c. Operators are not as effective while in MOPP. Handling knobs while wearing bulky gloves can frustrate operators. Voice communications are difficult, not only with FM and AM/SSB radios, but also with orderwires, switchboards, and patch facilities. The problems in understanding verbal instructions can slow system installation and subscriber use. The MOPP equipment can generate heat and cause operator sweating which irritates the soldier causing anxiety and inattention to details. (See FM 3-4 for individual and collective NBC protection.)

d. Leaders, especially NCOs and first line supervisors, must understand that direct involvement in this situation may not solve the problem. The universality of MOPP appearance and the distortion of voice quality make familiar leaders appear unrecognizable. Only through proper supervisor training can soldiers' natural apprehension be translated into confidence.

1-4. NBC Communications

a. Communications will be affected in at least two ways during nuclear warfare: communications blackout and physical damage to equipment.

(1) Communications blackout is caused by intense ionization of the atmosphere in the vicinity of the blast. The blackout may last for a few seconds or several hours. It may be more severe on some frequencies than on others. During this period, communications is impossible.

(2) Physical damage depends on the nearness of the blast to the equipment. It can range from total disintegration (at ground zero) to thermal (heat) damage (several miles away) to electrical breakdown caused by the EMP radiated from the burst (several miles away). The EMP is perhaps the most subtle cause of physical damage. It is a very intense radio wave of extremely short duration produced at the instant a nuclear weapon is detonated. It usually lasts a fraction of a second. But the power it may deliver to a radio receiver can be a billion times greater than what is normally received from a transmitter. This extremely high power density can damage some signal equipment. EMP is silent and invisible.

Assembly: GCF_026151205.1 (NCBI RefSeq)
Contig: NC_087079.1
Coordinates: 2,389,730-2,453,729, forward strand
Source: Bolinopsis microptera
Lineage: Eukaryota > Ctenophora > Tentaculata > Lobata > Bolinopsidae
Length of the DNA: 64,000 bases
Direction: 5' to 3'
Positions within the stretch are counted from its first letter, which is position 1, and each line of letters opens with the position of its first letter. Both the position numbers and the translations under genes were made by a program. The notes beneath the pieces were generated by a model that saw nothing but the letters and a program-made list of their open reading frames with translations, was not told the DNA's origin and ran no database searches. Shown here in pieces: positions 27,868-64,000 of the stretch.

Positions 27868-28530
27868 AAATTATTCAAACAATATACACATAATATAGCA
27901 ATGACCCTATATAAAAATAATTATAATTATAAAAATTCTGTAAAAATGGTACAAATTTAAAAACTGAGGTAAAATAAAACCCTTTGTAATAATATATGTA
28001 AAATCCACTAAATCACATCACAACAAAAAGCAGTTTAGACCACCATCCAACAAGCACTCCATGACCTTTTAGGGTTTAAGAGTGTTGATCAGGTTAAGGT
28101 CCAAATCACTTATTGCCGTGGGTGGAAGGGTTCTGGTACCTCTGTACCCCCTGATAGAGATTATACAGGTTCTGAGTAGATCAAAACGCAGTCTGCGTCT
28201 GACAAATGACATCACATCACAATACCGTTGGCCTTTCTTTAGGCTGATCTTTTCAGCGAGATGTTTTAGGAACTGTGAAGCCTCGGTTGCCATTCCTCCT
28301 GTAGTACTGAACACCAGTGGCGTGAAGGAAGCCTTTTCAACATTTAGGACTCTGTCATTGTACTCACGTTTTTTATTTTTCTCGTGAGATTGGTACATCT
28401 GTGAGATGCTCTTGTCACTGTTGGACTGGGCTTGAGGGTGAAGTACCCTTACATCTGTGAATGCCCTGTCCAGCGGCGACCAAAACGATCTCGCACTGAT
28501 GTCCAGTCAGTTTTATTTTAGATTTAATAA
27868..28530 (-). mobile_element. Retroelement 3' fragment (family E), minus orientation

b. The ability of a unit to continue to communicate during a tactical nuclear war will depend on planning, training, and equipment hardness. These actions must begin long before the war begins. System planning must use minimal resources to perform the mission allowing a portion to standby. Training must incorporate the use of hardened CPs and EMP prevention steps, such as shielding by natural terrain, burying of cables, and disconnecting equipment when not in use. Equipment hardening and buffering devices are included in new equipment development. However, these steps are based on mission accomplishment in a nuclear environment. All soldiers must train the way we expect to fight and communicate.